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    FDA clears first opioid withdrawal device

    Providing another tool for clinicians to use in the opioid abuse crisis, FDA granted a new indication to a device that can help reduce the symptoms of withdrawal from the prescription pain drugs.

    FDA granted the new indication to the NSS-2 Bridge device (Innovative Health Solutions), a small electrical nerve stimulator placed behind the patient’s ear. The device contains a battery-powered chip that emits electrical pulses to stimulate branches of certain cranial nerves, which may provide relief from opioid withdrawal symptoms, according to a statement from FDA.

    Related: Activists: drugmakers, distributors liable for opioids abuse

    “Given the scope of the epidemic of opioid addiction, we need to find innovative new ways to help those currently addicted live lives of sobriety with the assistance of medically assisted treatment. There are three approved drugs for helping treat opioid addiction. While we continue to pursue better medicines for the treatment of opioid use disorder, we also need to look to devices that can assist in this therapy,” said FDA Commissioner Scott Gottlieb, MD, in the statement.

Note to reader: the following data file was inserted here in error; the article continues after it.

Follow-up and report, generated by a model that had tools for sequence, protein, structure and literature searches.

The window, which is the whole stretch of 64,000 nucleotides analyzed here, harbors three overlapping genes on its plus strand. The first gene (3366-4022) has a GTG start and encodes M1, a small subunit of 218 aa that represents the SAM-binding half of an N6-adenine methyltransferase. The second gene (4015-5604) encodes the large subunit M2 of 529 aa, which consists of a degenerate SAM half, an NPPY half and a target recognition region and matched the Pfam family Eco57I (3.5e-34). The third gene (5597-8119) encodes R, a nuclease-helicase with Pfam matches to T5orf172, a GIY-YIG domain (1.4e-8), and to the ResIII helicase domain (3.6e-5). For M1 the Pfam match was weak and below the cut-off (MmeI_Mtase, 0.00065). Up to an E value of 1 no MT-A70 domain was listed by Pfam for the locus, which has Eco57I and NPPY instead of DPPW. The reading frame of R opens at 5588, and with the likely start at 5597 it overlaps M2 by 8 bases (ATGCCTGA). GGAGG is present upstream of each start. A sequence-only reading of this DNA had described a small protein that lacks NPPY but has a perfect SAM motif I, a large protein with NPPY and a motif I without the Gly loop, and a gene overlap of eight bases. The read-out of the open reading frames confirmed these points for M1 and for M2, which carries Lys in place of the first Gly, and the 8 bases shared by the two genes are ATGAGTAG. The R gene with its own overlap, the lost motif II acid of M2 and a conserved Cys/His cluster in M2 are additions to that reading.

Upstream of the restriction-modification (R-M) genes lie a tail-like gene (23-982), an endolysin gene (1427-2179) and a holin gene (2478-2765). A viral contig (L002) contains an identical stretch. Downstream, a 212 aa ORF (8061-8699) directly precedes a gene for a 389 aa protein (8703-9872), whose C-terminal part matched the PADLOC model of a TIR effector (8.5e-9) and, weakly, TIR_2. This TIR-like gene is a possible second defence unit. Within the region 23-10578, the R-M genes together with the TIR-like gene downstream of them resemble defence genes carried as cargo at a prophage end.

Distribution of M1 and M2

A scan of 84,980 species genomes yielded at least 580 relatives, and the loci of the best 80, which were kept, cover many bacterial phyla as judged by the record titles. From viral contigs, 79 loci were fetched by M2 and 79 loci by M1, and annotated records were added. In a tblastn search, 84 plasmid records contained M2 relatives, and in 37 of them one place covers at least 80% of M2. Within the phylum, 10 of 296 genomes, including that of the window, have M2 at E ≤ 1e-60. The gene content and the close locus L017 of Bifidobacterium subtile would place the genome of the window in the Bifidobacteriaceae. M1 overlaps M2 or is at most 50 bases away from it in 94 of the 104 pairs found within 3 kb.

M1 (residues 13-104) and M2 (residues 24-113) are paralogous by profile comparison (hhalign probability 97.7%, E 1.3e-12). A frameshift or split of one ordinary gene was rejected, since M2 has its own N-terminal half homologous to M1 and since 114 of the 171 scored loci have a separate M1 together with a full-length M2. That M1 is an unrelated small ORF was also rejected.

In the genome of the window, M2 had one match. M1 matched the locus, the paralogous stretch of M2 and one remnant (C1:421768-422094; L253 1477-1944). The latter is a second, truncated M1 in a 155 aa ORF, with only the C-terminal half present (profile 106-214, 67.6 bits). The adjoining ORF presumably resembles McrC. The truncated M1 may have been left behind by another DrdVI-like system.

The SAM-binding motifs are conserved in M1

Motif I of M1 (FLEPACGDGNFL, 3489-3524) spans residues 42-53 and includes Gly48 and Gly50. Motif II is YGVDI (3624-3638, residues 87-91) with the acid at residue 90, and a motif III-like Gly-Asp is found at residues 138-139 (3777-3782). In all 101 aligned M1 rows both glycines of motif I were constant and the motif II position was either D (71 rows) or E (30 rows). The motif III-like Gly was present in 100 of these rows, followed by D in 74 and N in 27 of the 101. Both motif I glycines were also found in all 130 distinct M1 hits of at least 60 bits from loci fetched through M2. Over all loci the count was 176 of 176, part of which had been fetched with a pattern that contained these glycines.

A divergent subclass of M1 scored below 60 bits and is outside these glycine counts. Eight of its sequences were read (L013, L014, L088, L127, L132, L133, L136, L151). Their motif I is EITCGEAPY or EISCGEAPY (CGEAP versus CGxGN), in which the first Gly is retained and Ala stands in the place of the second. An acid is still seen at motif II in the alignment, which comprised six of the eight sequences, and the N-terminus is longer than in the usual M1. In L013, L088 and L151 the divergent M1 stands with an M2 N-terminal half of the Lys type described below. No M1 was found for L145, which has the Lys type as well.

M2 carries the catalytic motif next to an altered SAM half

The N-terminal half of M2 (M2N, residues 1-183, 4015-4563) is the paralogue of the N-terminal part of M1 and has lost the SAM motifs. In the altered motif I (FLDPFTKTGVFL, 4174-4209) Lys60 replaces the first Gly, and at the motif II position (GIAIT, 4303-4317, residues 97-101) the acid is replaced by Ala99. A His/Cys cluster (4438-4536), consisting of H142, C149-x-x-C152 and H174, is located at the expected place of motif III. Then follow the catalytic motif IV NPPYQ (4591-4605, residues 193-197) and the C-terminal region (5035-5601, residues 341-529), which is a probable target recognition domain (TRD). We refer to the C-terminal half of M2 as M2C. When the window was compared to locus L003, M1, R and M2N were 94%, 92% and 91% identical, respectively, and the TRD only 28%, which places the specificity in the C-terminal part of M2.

“The FDA is committed to supporting the development of novel treatments, both drugs and devices, that can be used to address opioid dependence or addiction, as well as new, non-addictive treatments for pain that can serve as alternatives to opioids,” Gottlieb added.

    Related: FDA advisors recommend 2 opioid use disorder drugs

    FDA first cleared the EAD (electro auricular device, now called Bridge Neurostimulation System) in 2014 for use in acupuncture. It is available only by prescription.

    To permit marketing of the device for this use, FDA reviewed data from a single-arm clinical study of 73 patients undergoing opioid physical withdrawal. Prior to using the device, the average clinical opiate withdrawal scale (COWS) score for all patients was 20.1. After using the device, patients had a reduction in COWS of at least 31% within 30 minutes.

    In addition, 88% of patients transitioned to medication-assisted therapy after 5 days of using the device, along with any medications needed for persistent symptoms, such as nausea and vomiting.

    The device is contraindicated for patients with hemophilia, patients with cardiac pacemakers or those diagnosed with psoriasis vulgaris.

    Read more: FDA alters stance on opioid addiction drugs

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